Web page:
Embarrassing stories about Kevin Heffernan? His nickname is "Queen." We call him that because in college, the house we lived in had gang showers. Kevin had this royal blue towel. He was a bit self-conscious about his weight so he would wear it above his nipples. His hair was kind of long and curled up at the sides. With the royal blue towel up by his boobs and the curly brown hair, he looked like the Queen of England. Hence, "Queen."

We also call his dick the "tuna can" because it's wider than it is long.

He loves soup.

He has clammy hands.

I've heard him fart in his sleep and then giggle in his sleep.

One July 4th, the Yankees old timers game was on TV. It was Don Mattingly's first time back in a Yankee uniform. He was being announced in the lineup. I looked over at Kevin and he was crying. Without me saying a word, Kevin yelled at me like this: "It's the one day a year I'm allowed to cry!"

Do you prefer doing live comedy or filming movies?
Film and live comedy are different beasts. Film is great because you're making a freaking movie. In the end, you have a great piece of work that people all over the world will watch. There's a real accomplishment. And they're fun to work on. The problem is, they are very stressful and you live and die by your decisions. Live comedy is thrilling right in the moment. You are face to face with your fans or maybe non-fans and you still have to give them something good. There is truly nothing that compares to trying out a new routine; it can go great or it can bomb -- either is going to have a profound effect on you as a performer. Um... but making movies rocks.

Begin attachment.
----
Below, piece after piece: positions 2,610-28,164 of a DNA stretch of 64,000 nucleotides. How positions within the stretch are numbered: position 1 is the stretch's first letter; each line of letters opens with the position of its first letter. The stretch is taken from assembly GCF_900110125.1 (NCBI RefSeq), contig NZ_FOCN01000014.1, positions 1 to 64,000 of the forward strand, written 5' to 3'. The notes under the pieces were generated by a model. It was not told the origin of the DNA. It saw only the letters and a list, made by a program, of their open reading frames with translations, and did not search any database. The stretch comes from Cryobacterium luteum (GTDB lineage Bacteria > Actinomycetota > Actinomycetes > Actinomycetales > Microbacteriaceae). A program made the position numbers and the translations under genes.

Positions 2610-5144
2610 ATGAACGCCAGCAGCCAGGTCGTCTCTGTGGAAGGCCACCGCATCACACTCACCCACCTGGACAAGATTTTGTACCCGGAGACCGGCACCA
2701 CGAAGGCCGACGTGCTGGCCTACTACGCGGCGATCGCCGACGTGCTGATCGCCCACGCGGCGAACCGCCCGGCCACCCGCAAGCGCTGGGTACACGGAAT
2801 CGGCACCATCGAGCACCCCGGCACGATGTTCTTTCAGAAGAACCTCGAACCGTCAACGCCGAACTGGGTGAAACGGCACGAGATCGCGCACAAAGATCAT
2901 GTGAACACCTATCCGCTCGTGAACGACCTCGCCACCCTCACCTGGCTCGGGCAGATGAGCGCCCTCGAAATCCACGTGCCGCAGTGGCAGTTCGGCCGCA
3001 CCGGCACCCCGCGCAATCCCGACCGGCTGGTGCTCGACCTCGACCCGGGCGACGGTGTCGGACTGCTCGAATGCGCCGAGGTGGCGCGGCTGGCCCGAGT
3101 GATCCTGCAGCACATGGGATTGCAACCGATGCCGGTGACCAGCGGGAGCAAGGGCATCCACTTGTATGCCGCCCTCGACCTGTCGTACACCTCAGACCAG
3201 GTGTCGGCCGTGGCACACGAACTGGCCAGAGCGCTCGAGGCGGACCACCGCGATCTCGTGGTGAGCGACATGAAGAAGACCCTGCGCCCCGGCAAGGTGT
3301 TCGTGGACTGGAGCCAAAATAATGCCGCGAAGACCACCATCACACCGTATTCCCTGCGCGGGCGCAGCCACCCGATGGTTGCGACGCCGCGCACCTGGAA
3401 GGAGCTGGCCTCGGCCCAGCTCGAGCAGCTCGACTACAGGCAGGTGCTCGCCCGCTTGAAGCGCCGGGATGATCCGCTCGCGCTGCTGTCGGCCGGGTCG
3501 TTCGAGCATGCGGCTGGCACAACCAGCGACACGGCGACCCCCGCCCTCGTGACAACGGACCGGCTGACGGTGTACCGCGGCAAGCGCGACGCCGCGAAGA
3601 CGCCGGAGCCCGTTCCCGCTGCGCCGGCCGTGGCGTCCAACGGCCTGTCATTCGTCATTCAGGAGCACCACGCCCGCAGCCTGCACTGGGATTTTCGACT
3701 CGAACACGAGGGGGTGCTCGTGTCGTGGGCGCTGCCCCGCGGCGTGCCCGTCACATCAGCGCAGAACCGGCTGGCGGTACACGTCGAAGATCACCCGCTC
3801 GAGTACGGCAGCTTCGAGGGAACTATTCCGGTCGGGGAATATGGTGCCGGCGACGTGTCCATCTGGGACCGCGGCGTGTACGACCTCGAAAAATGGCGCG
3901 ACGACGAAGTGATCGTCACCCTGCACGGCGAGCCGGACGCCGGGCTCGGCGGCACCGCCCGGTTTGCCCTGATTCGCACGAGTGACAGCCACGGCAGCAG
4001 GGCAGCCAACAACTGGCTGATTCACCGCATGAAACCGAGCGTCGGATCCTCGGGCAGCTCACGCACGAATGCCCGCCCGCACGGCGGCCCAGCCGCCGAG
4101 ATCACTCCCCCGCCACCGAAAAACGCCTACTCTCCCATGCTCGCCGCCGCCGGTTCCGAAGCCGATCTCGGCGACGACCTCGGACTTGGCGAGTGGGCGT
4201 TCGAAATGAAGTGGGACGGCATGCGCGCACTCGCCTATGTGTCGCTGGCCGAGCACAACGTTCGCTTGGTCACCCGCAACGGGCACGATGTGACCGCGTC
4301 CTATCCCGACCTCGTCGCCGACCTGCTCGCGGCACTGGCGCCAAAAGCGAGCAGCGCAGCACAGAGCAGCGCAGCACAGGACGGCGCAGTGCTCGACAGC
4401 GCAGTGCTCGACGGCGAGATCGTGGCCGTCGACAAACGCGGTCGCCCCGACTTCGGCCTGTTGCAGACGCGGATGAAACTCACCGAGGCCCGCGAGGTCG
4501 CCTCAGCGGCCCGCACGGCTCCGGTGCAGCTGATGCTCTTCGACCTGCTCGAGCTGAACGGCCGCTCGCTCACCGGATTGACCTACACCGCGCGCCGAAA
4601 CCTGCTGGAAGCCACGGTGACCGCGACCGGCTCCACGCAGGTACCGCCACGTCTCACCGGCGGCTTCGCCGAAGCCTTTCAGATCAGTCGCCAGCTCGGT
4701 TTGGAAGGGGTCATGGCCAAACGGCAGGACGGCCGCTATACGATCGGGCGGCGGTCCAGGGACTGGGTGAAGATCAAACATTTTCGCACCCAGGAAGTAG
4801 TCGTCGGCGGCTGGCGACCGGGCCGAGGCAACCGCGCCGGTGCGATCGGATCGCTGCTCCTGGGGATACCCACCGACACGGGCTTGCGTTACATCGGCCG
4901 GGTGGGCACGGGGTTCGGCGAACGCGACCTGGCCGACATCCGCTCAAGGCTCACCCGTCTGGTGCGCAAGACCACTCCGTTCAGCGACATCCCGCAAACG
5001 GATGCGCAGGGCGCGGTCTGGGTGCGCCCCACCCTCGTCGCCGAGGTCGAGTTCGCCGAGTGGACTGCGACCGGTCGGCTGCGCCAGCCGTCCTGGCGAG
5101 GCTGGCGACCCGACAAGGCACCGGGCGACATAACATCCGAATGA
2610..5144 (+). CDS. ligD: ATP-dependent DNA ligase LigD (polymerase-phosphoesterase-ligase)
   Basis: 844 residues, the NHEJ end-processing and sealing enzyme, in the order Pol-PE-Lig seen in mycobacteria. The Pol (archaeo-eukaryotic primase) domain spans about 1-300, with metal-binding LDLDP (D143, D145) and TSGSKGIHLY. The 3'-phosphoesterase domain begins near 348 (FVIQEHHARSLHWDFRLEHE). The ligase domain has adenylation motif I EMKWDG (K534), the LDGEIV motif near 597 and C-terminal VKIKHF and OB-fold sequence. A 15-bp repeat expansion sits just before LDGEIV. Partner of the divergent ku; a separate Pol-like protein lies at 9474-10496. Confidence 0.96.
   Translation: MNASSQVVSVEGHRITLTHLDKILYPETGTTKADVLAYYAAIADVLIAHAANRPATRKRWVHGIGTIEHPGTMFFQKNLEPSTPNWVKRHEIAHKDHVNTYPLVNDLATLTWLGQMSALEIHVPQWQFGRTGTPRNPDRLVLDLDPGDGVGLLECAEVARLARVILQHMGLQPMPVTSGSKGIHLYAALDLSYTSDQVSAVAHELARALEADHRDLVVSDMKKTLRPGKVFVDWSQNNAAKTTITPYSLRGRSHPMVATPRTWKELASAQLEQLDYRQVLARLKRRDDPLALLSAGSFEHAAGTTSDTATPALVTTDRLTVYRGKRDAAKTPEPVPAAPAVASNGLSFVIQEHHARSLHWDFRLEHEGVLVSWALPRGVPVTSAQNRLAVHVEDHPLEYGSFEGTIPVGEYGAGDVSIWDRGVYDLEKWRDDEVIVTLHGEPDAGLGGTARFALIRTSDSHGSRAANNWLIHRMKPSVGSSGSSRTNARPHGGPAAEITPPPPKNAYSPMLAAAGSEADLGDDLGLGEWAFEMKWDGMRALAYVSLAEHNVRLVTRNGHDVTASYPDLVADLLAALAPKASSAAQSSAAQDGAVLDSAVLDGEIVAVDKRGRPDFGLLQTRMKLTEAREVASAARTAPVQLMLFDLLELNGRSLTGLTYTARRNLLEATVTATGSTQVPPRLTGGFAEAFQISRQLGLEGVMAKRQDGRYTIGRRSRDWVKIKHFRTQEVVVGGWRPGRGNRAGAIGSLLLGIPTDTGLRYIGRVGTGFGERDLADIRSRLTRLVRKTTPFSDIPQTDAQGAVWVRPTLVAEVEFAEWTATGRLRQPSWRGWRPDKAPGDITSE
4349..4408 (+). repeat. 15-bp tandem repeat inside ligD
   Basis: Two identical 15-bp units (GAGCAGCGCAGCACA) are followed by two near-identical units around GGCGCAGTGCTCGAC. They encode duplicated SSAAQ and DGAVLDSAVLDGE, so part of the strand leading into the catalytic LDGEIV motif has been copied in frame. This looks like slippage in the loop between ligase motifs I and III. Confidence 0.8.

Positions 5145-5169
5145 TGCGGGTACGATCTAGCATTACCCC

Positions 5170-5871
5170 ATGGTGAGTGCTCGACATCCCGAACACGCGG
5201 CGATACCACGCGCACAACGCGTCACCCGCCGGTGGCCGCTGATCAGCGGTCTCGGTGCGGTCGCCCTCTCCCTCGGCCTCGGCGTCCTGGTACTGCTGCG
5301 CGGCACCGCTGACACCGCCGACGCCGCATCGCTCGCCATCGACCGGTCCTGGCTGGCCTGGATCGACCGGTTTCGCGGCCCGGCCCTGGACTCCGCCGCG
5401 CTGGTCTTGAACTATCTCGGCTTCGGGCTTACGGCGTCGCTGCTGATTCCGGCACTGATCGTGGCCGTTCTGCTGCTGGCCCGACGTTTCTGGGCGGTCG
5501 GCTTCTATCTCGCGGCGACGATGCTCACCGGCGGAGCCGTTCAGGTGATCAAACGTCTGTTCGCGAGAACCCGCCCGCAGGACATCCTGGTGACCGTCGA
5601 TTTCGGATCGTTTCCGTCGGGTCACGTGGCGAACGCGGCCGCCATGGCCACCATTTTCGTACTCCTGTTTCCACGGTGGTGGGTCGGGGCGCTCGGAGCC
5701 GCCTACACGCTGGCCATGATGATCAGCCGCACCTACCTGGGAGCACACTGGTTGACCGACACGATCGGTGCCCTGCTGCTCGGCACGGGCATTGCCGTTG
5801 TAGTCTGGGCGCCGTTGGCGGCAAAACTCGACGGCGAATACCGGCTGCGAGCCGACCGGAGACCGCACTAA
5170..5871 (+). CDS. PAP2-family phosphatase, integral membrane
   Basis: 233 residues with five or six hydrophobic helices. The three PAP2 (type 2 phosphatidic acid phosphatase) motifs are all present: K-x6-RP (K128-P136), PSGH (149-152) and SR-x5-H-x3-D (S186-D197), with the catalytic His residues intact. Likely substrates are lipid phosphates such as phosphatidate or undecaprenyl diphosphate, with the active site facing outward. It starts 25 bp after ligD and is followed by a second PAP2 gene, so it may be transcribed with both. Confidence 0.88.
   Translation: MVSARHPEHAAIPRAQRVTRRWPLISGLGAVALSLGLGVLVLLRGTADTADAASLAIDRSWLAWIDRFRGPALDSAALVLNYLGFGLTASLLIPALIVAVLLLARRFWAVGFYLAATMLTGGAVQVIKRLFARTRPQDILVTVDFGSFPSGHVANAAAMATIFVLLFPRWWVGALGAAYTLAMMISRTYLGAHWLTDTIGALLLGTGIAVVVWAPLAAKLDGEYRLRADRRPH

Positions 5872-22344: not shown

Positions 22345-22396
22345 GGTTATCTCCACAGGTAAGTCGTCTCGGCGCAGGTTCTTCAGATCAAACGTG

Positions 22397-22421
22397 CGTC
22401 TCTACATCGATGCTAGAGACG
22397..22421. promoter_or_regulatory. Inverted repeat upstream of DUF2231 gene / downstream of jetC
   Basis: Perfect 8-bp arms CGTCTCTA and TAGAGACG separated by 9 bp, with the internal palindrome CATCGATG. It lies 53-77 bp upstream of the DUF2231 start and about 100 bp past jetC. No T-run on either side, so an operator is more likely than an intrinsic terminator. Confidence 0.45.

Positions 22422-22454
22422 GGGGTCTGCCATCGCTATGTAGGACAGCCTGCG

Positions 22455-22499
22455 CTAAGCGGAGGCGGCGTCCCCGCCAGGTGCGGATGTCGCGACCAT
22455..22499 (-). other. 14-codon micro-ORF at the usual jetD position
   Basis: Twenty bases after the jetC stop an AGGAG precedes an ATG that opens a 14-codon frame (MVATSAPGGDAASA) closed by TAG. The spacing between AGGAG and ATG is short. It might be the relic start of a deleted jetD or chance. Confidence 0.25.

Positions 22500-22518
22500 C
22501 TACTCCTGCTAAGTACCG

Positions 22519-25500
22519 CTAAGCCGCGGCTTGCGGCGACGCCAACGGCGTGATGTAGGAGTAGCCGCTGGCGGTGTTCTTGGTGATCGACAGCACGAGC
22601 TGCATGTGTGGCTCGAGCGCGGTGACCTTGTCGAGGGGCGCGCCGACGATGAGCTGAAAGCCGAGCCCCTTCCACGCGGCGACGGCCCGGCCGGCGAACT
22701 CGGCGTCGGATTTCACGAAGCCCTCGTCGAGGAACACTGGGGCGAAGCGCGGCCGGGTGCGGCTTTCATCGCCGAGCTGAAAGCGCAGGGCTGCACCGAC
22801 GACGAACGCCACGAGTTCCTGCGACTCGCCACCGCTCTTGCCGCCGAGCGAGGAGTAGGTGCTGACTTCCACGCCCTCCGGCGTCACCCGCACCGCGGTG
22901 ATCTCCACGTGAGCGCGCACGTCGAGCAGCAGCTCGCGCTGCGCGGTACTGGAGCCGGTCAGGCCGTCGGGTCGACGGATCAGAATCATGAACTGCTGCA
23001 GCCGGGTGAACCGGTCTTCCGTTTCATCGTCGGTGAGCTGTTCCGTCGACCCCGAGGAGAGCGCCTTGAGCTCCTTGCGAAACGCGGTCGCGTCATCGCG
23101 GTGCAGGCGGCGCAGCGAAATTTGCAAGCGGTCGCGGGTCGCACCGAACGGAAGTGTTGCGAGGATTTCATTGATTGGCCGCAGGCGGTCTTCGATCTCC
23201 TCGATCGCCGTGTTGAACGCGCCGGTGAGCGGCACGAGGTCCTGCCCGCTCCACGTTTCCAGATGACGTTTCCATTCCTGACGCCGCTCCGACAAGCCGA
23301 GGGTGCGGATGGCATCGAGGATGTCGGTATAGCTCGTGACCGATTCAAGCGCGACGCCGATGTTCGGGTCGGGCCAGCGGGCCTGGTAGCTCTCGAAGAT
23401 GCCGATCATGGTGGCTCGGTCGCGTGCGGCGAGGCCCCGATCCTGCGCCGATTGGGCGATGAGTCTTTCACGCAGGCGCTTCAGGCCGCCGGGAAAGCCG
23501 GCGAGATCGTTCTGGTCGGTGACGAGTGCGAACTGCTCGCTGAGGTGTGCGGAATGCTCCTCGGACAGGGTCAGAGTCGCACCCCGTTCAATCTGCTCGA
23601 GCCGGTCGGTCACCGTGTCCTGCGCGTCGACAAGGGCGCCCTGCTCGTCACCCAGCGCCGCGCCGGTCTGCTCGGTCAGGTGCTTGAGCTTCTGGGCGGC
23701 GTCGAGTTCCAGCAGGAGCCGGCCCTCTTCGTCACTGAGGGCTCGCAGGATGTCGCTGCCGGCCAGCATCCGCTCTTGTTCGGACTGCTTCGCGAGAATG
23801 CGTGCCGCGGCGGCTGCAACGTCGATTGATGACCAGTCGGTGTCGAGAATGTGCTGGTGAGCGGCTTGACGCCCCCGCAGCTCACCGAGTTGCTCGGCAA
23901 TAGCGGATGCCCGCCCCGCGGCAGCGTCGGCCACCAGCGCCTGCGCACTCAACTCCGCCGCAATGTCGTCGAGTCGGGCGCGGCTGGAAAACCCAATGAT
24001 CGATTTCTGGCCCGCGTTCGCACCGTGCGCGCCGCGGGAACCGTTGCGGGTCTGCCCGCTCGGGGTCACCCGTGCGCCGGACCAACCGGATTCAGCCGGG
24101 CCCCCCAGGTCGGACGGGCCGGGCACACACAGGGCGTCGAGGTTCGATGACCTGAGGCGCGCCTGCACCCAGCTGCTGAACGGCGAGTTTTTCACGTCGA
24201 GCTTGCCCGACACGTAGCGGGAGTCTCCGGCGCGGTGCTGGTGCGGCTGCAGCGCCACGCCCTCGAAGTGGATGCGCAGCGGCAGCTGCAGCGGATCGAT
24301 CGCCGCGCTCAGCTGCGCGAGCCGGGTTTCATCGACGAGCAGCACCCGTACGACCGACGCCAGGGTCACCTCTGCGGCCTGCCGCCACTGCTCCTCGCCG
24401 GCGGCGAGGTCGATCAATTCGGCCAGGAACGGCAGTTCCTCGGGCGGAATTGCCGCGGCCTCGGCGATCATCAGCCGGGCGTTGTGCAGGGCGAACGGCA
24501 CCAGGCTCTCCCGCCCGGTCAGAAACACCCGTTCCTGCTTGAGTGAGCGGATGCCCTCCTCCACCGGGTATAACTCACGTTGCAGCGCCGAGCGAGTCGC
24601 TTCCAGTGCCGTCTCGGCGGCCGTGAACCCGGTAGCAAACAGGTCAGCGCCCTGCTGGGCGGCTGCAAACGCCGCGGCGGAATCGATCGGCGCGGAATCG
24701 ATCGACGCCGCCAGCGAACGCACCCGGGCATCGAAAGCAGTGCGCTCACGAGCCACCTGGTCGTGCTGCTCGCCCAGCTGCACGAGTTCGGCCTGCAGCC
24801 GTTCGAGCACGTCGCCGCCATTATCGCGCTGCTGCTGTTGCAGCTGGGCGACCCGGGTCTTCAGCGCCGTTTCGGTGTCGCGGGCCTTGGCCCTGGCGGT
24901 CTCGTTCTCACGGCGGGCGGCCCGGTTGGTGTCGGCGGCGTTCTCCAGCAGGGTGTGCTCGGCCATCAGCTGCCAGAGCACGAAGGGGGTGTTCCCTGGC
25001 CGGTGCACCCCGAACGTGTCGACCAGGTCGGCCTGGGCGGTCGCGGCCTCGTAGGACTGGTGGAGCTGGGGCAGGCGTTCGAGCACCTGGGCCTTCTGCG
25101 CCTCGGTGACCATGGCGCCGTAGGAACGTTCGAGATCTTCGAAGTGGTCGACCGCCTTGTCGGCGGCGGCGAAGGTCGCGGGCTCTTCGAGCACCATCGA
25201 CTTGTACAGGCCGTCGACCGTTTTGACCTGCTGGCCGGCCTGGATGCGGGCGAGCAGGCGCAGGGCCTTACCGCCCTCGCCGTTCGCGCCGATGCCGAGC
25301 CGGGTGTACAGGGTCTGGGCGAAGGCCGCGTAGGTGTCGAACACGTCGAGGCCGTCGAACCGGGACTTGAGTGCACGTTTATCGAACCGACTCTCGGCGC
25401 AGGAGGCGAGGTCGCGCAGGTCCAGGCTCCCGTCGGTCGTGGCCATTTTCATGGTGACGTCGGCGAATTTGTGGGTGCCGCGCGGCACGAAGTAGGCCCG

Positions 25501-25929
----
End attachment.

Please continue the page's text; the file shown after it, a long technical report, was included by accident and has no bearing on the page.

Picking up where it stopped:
You appeared beside Michael Clarke Duncan in The Slammin' Salmon. Any particular fond memories of him you'd like to share?
Big Mike was awesome. The best part about working with him was not knowing he was going to crush the comedy as hard as he did. The part we'd written was challenging and he came in and took it to another level. I know he was excellent in The Green Mile but I honestly believe his best piece of work after that may have been in The Slammin' Salmon. I'm not kidding. He's that fantastic.

On a funnier note, before we started shooting, I was in the wardrobe trailer with Kevin, who directed the movie. One of the alligator skin suits that Big Mike wears in the movie was hanging up. We decided I'd better put it on to see how much bigger than me he was. I got it on and it was like a 5-year old wearing his dad's clothes.

He also liked to mess with people's heads. He used to play a game called "Can You Defend Yourself?" The game was simple. He'd pretend he was mad at you and then pretend he was going to kick your ass. He played the joke on everyone. Once you'd gotten through it it was awesome to see him do it to someone else.

Which other member of the Broken Lizard troupe is your favorite? We won't tell. Promise.
Who do I like in Broken Lizard besides Heffernan? I like Steve Lemme.

Why would Jay Chandrasekhar ever shave the mustache he sported in Super Troopers? It was magnificent.
Um... do you want a mustache ride?

Catch Steve Lemme and Kevin Heffernan on the Miami Improv stage nightly, Thursday, September 27 through Saturday, September 29. Tickets cost $20. Visit